In came a smiling and apparently happy girl who goes to junior high school. The impression she made was one of optimism. She sat on a chair across from me. Her eyes met mine, and tears welled up inside me. Through a veil of tears I saw that her eyes told a completely different story than the first impression she gave. All I could see was a child who was about to give up and who felt hopelessly worn out.
She saw my reaction and my tearful face, and her smile disappeared. At last there was someone who could really see her, take her as she is, and understand her. She felt safe, and began to share about her life. About how the feeling of helplessness was the result of many painful incidents.
Even as a young child she had to learn to satisfy others, or the consequences were brutal. Fear of saying something wrong or doing something wrong became greater and greater, since a small child cannot understand what behavior is desired. This is something children need to learn in a good way, and not from parents who don’t understand that children need something different than adults. Children need love, but then the parents must have learned something about love in order to pass it on. Punishment is not love, quite the contrary, and it is obvious that the word punishment refers only to actions, not love.
She continued to tell her story, in a whisper. Tears flowed freely over her cheeks and her chin, and she wiped them away with her sleeve. “I just wanted to help and be kind, but it was always misunderstood and wrong. I asked God for help too, but he never came.” She paused... “Instead I was sent away to get help, but I did not receive help. It was rather abuse of a child, I know that. There was nowhere to get help and that’s why I’m hopelessly worn out. I’m about to give up, but I don’t even know how to do that because I’ve learned to help others but not myself.” I recognized her feelings – painful and hurting.
What does it take to prevent stories like this from happening?
We must take emotions seriously and we must learn new ways to cope with them. All too many people don’t understand that we go around like ticking bombs when our emotions are brushed off. If we brush them off and don’t process them, they will finally explode. When that happens, the explosion can be forceful and be directed towards anyone. This unfortunately often affects innocent people who are close by.
Feelings like satisfaction, happiness or falling in love are good emotions that we would like to have more of. But here I’m talking about emotions that we don’t want. Feelings of grumpiness, irritation, dejection or sadness are emotions we must take seriously and not just brush off. It’s easy to point a finger of blame towards others who have said or done something that gets us to feel that way. The emotions are always within the one who is reacting, and this is where we must gain new understanding about emotions that take over - they arise from our subconscious mind without us understanding that. Bullying, violence and other negative actions that occur in society and our world are the result of emotions that have not been processed.
Some may reject this outright, but take time to think about what I am writing here before you automatically react with a judgement you have learned. Many people say that they understand, but unfortunately only until they themselves are overcome by an emotion that is impossible to control. It comes rapidly and automatically, and our common sense gets lost while we are experiencing the emotion.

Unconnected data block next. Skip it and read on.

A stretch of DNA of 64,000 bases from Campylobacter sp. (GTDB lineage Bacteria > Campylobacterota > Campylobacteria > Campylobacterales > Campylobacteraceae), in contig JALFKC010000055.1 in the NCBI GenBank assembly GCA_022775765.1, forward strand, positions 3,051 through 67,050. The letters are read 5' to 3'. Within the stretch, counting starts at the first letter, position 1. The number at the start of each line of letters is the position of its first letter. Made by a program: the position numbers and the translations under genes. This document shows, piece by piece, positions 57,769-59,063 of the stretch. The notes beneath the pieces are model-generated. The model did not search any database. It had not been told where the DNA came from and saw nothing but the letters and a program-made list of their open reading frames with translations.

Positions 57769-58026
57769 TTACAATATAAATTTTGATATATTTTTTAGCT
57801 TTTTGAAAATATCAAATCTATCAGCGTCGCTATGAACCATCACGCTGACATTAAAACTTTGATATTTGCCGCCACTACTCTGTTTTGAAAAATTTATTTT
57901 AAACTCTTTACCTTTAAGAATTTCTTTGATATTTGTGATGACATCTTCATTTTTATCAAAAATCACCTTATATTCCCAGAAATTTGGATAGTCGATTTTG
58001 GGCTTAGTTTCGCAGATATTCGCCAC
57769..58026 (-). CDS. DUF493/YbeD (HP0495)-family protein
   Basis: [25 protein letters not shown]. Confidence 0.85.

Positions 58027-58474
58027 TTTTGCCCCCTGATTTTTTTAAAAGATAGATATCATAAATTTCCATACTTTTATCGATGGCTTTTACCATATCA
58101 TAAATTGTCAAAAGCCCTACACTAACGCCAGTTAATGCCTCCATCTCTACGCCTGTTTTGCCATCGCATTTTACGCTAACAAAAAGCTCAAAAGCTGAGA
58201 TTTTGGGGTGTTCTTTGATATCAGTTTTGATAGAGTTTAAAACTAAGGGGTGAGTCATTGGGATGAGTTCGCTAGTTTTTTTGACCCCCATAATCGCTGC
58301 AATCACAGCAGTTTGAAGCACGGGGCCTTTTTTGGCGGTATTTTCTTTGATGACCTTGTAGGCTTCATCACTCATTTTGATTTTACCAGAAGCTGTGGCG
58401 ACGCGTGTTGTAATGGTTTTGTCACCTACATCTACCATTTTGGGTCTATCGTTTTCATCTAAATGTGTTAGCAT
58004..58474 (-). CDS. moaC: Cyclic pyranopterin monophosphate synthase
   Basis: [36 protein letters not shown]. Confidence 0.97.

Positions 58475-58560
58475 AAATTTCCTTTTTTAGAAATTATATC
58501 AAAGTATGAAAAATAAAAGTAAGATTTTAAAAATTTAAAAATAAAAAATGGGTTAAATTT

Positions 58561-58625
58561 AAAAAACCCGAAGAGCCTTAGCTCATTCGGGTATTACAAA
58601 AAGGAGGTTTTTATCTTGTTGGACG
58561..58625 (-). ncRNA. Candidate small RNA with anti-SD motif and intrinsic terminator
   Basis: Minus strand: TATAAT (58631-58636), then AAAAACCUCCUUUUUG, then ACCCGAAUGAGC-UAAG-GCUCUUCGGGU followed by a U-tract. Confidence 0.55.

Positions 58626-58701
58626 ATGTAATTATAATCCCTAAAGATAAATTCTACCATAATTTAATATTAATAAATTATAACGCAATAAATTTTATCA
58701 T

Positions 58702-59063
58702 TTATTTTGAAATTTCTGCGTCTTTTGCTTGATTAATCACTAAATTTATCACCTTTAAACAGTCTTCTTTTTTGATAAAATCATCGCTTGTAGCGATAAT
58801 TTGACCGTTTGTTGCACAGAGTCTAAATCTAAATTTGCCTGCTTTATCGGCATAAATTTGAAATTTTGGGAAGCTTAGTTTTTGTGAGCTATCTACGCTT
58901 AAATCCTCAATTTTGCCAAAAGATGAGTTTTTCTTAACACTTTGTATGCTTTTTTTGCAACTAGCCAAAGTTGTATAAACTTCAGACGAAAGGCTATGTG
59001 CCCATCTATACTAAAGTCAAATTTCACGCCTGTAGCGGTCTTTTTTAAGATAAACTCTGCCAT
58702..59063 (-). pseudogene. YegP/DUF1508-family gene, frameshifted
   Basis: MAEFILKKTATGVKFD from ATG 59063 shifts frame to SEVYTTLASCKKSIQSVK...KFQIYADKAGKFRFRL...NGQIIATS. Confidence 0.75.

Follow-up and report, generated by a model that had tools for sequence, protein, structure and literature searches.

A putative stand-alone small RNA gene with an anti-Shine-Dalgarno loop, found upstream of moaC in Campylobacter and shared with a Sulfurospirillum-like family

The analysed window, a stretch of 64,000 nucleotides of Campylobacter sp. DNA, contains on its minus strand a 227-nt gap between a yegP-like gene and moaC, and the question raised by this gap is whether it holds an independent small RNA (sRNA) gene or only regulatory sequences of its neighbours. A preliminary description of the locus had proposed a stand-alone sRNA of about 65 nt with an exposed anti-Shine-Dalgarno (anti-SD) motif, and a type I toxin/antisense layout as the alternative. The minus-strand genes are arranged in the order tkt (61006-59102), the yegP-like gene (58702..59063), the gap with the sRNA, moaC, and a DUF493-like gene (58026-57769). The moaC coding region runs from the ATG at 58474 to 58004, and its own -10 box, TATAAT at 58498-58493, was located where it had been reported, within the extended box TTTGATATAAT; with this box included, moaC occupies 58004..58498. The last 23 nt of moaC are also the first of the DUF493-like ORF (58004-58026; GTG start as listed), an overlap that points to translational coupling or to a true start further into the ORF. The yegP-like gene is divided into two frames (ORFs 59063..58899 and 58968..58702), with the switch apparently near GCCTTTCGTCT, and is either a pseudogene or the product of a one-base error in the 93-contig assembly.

Perhaps you’ve seen others that you feel lack good behavior? That’s what happens when emotions are allowed to take over and are not processed. It happens to all of us, regardless of gender or age. Many men tell me that they don’t remain stuck in their emotions, they just brush them off. That’s what I did in my life too, since at that time I didn’t know that emotions nonetheless accumulated in my subconscious and finally exploded.
People react differently when we talk about emotions, and many believe we must be allowed to feel and react. Yes, as long as it doesn’t torment others! We must create new understanding about what emotions are, where they come from and how we can cope with them. We haven’t learned much about that in school, and it’s about time we get a subject in schools where we learn about emotions and how we can cope with and process them so that we don’t go around with stockpiled emotions. If we don’t take emotions seriously, they will someday appear in one form or another such as illness, anger, frustration or violence.
If a person has a history like this girl, can they change it?
This is one of the most fascinating aspects of the resources we have in our brains. We can change our stories, and good emotions will help us to create new neural pathways in our brain. It is feelings that change both our stories and our future life.
I have a similar history that has been changed. ConsciousnessTraining™ uses the techniques and training of the brain that I use myself, and that I humbly see others use to change their stories and their emotions. You have the resources needed to change, take control of and cope with emotions from within, where they reside. We develop our brains continually, and we can create the changes we want.
One fine day the ticking bomb can be disarmed, and then we will see more peaceful interaction between humans. You and I decide if we want to participate in this development. Unlike the young girl, we will be able to help ourselves. That is a prerequisite before we can help others in the long run.